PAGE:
To illustrate deception. Moholola presents the management and the WOAC as if these bodies have worked transparently. However, he leaves out the fact there have been resignations from the committee (what were the reasons?) and that the university management prevented the former University Librarian from stating publicly her concerns about how the ‘review’ process amounted to censorship. As for trying to deflect and deceive via the hoary phrase, “(UCT) is on its way to abandoning the model of the detached ivory tower”, the less said the better. ‘Sho’ suffices.
The dissimulation of truth: the illustrations above indicate how it is done. The bulk of both articles obfuscate what has been going on; more than can be covered in this short rebuke. Besides, there is one key issue which should be brought into the open. I refer to the critical race theory-derived intellectual and political framework governing the art collection ‘review’ process.
The management’s responses sanitise this framework. Supposedly, the framework has encouraged dialogue and a “rational evolution of ideas and thought”; hence concerns about censorship, academic freedom, rights, and why there has been no resolution, are misplaced. But the review process is a contest; indicated not least in the management’s proclaimed commitment to “open and respectful debate”.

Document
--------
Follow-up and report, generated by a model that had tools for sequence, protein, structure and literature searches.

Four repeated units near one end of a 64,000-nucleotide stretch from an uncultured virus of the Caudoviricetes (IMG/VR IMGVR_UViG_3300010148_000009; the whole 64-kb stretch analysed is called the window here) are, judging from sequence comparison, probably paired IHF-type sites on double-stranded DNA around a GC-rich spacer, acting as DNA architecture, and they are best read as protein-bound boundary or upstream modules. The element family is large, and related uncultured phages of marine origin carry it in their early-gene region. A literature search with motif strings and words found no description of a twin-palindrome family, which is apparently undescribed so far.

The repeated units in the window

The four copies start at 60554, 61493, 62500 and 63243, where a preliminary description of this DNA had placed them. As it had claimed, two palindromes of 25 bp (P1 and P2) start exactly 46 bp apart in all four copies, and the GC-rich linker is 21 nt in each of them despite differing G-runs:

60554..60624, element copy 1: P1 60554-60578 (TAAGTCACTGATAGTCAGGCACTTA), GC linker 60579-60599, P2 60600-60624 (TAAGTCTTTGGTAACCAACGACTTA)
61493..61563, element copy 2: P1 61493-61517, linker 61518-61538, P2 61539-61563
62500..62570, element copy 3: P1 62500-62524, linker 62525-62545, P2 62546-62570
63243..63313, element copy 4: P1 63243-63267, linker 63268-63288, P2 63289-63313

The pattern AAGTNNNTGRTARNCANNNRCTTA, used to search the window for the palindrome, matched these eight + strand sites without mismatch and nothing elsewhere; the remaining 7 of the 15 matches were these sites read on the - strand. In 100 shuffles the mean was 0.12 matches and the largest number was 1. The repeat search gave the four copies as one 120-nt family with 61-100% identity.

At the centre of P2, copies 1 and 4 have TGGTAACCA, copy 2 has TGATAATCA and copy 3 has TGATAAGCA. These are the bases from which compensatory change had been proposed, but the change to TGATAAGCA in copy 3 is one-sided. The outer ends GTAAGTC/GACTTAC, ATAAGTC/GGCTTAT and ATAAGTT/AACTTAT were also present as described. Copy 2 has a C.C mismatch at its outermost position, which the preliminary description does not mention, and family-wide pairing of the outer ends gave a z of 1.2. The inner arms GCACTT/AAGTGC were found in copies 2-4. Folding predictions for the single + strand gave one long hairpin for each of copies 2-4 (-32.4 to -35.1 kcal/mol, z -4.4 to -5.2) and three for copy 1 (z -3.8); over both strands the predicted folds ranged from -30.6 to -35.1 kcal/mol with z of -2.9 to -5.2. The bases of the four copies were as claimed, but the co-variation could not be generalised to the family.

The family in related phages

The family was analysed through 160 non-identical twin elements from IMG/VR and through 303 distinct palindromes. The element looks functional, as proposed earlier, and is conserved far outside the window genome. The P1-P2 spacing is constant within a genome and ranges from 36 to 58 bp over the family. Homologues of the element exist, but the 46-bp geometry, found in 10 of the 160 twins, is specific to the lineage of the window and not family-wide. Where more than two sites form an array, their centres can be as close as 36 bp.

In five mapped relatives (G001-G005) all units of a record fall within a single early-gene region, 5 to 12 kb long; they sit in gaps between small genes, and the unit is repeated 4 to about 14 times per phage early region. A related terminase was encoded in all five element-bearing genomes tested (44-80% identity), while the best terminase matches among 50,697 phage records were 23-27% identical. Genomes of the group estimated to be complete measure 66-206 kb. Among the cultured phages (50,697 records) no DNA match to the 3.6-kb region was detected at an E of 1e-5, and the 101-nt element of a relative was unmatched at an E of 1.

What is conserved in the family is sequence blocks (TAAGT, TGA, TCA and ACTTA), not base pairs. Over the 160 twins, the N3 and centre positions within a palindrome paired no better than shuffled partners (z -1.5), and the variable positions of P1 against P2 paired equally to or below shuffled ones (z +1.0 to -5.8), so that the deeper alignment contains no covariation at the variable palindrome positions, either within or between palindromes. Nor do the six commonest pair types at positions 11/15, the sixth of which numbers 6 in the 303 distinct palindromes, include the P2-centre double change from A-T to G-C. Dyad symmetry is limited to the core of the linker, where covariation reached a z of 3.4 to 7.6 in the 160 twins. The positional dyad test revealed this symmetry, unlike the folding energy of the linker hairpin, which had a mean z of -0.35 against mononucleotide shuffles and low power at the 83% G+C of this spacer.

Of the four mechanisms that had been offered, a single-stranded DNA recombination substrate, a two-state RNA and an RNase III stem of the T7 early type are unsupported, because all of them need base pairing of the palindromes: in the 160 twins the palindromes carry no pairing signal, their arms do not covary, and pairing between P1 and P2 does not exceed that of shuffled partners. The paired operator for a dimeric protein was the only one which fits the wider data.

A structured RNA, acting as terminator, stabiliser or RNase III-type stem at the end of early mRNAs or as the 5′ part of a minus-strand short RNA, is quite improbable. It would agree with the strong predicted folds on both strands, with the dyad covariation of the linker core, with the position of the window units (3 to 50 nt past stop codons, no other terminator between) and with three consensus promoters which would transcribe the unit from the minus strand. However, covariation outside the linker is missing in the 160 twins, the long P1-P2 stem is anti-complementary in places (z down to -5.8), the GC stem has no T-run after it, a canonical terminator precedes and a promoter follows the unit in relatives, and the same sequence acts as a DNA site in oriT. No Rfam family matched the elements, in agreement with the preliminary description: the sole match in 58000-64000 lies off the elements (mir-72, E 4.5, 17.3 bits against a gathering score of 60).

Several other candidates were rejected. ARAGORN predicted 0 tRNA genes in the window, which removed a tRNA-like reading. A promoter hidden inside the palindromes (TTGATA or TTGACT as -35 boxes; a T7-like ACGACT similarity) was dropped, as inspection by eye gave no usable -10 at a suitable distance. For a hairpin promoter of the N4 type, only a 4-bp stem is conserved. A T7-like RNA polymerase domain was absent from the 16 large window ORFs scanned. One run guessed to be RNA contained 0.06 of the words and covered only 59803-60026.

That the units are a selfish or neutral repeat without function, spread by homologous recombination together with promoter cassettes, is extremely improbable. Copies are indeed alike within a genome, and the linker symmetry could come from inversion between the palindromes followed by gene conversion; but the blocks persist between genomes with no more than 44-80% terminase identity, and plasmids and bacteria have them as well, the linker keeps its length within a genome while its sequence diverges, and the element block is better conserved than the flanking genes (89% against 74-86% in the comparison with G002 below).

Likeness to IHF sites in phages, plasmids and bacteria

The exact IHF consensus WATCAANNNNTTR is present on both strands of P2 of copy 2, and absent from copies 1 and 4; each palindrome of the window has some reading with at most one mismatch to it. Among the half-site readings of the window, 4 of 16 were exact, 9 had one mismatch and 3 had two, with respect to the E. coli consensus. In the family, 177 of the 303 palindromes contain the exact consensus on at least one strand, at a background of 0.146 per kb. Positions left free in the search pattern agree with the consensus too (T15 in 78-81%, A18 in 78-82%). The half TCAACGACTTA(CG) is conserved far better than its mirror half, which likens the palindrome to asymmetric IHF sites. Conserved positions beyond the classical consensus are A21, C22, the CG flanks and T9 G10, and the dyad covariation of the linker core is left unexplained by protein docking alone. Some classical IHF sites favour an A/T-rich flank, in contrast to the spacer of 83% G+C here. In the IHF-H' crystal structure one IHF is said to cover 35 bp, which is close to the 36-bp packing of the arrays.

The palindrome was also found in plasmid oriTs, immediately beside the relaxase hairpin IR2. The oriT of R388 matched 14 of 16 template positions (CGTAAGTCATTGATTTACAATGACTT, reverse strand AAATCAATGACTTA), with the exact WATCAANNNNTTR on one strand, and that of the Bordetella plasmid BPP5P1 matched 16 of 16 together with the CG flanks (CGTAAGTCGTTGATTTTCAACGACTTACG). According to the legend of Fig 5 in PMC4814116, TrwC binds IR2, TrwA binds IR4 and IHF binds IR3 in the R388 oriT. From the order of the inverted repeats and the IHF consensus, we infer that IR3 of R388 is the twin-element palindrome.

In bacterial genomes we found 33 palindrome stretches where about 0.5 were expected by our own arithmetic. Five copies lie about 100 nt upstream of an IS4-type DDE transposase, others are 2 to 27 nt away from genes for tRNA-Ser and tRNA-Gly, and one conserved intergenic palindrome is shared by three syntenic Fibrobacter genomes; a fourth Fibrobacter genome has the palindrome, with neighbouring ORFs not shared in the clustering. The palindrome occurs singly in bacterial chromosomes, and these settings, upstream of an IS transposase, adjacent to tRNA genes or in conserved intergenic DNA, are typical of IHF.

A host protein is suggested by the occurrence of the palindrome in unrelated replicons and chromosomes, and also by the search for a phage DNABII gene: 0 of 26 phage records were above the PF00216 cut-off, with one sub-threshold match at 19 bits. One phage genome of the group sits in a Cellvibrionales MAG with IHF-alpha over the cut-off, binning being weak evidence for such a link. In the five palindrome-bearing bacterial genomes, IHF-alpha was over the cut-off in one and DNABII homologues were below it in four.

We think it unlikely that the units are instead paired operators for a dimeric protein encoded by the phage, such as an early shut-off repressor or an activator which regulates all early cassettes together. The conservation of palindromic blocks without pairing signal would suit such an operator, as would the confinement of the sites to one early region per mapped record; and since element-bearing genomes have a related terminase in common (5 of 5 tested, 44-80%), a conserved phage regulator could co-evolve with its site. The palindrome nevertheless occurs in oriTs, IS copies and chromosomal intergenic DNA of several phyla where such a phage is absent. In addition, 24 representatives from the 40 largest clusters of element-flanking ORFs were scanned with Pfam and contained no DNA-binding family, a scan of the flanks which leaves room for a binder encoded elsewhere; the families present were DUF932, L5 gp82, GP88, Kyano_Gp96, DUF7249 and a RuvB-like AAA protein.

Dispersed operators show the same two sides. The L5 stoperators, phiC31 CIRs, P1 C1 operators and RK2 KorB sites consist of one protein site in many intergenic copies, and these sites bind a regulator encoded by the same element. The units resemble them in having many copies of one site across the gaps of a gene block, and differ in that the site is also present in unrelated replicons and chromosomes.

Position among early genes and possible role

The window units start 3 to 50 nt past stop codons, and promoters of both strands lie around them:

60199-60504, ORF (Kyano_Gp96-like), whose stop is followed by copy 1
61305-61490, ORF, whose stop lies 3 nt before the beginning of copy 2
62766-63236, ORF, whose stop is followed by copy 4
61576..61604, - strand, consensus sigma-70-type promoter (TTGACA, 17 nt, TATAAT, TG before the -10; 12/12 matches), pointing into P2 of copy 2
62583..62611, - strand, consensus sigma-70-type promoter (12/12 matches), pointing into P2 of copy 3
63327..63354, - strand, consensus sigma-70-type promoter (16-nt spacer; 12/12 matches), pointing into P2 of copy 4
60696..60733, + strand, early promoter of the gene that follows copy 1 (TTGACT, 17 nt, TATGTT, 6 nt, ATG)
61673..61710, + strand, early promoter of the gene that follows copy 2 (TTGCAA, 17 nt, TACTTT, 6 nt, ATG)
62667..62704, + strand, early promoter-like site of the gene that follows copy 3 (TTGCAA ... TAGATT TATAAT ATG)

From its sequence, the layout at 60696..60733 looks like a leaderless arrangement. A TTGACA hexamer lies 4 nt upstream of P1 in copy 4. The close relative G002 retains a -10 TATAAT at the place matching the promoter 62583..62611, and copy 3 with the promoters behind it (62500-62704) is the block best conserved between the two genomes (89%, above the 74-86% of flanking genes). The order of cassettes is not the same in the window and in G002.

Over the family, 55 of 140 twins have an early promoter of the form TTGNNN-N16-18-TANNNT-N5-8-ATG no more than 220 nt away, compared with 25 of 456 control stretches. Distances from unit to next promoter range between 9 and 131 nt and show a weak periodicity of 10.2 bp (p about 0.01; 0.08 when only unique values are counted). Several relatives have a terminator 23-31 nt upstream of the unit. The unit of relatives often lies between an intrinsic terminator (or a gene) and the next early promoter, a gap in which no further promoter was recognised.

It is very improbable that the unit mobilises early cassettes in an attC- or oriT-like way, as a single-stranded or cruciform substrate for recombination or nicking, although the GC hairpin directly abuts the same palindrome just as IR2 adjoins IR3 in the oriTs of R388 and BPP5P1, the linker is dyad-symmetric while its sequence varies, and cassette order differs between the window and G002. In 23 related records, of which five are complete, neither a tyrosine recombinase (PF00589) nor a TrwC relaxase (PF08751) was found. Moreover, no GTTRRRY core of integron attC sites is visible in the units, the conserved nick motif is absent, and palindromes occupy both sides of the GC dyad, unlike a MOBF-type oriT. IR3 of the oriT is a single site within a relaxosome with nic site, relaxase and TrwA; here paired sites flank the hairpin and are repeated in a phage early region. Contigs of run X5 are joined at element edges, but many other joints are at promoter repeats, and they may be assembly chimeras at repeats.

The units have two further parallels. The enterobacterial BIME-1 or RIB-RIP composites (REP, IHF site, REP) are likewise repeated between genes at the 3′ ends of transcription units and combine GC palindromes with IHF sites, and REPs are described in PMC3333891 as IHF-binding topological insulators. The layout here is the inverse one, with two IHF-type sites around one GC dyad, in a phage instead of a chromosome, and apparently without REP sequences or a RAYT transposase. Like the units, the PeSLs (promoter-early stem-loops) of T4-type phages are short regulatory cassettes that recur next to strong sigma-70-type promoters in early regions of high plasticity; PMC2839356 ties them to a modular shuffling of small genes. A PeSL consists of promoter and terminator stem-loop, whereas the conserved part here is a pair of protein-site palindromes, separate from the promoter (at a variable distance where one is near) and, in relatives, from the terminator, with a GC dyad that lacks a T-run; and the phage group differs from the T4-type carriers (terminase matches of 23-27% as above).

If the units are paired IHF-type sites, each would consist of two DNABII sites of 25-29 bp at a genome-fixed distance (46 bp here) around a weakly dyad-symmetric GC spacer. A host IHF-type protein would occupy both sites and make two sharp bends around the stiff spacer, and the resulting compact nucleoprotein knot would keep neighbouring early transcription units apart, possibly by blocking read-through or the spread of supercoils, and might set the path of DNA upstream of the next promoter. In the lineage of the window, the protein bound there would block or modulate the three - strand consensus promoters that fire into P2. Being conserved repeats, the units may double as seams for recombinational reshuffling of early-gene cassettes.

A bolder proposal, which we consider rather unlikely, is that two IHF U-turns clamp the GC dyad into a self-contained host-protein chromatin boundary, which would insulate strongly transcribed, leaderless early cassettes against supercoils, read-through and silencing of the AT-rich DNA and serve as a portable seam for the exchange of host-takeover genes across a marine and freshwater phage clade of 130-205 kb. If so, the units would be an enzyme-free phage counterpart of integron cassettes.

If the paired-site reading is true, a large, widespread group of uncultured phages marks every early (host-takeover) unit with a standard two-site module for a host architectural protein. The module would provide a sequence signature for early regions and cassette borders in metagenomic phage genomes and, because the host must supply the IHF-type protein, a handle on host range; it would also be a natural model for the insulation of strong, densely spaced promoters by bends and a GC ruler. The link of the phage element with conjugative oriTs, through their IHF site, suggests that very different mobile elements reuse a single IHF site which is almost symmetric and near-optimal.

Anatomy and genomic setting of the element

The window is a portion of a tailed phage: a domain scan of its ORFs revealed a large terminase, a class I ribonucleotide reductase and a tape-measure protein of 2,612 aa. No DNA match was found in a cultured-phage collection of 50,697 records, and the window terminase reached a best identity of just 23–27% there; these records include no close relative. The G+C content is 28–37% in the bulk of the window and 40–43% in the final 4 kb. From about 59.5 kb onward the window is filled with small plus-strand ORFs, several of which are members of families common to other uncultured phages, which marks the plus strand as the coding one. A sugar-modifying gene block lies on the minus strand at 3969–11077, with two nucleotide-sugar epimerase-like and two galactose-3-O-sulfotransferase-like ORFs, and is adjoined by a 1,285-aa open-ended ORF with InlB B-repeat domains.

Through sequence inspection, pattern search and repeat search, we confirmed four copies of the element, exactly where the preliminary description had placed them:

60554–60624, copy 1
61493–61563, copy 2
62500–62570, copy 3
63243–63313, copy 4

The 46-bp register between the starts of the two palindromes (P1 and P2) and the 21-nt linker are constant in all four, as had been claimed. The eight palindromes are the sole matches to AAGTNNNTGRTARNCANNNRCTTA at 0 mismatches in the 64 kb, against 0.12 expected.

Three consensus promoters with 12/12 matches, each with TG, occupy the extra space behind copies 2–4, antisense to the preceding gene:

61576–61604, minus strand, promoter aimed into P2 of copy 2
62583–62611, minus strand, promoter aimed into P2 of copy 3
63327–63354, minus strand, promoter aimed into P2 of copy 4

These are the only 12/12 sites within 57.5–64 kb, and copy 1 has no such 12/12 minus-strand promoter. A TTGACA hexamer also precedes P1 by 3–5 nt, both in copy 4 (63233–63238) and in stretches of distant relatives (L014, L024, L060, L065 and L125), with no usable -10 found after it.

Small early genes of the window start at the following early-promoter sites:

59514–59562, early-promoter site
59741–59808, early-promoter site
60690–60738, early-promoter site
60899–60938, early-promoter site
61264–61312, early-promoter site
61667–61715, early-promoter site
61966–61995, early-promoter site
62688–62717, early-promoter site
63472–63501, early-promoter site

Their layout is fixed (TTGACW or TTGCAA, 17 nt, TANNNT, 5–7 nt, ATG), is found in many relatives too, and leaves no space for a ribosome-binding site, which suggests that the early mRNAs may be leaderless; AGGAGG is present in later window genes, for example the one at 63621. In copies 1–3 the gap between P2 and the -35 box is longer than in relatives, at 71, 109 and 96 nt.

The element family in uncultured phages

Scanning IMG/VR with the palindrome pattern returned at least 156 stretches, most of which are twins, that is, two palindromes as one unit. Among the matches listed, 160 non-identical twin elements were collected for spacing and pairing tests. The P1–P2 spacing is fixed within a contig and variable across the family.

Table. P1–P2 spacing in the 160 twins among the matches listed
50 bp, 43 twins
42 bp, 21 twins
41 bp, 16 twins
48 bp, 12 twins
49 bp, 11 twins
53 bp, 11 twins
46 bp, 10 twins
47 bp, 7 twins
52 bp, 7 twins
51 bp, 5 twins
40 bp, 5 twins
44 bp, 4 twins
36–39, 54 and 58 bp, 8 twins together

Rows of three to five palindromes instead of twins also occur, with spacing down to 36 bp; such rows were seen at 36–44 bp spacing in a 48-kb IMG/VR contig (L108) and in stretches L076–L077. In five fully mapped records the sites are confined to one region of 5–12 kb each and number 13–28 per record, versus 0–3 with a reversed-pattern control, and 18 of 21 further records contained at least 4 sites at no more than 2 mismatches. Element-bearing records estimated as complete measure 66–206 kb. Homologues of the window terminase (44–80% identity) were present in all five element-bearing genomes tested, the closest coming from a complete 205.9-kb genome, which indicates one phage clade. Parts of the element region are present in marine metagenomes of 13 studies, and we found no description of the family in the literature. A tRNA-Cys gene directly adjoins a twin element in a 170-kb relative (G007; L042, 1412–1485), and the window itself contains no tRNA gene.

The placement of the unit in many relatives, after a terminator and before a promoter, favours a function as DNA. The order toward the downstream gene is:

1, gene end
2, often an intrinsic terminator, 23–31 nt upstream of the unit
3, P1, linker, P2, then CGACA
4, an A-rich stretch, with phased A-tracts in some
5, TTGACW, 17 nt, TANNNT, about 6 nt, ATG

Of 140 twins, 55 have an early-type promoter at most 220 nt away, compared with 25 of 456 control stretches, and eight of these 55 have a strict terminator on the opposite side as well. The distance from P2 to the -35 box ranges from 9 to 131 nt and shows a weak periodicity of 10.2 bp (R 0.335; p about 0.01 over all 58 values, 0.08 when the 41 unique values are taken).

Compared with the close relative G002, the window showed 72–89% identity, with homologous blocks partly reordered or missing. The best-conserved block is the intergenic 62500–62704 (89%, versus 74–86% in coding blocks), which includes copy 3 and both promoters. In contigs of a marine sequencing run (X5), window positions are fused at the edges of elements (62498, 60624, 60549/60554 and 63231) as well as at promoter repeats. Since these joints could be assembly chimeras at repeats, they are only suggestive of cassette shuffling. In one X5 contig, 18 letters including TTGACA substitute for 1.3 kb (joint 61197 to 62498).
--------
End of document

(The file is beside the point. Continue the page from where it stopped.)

Leaving aside the odd, also stated, foreclosure of debate with any person whose views the management doesn’t like, the contentious precepts and logic of this framework are what the critics allude to (e.g. the limitations of the very broad ambit of notions such as privilege, hurt/offence; in praxis, the framework’s inability to accommodate reasoned, democratic resolutions).
Looking from the outside, it seems management and the WOAC are hostages to indecision as a result of a ‘dialogue’ designed without end. Is there even contemplation of an evaluation on the horizon? All the while, substantiated criticism mounts.
In sum, isn’t there someone in management, communications or the WOAC who can do better than what has been presented to date and, as importantly, who can confront the framework’s limitations? By this, I mean someone who can present a principled and evidence-based proposition, exhibit, engage in debate and, as necessary, acknowledge limitations of the proposition and refine, and allow the achievement of a solution. This is a premise of truth seeking. It also works for achieving social justice. I do not mean someone who is very good at lying.
Tim Quinlan is a UCT alumnus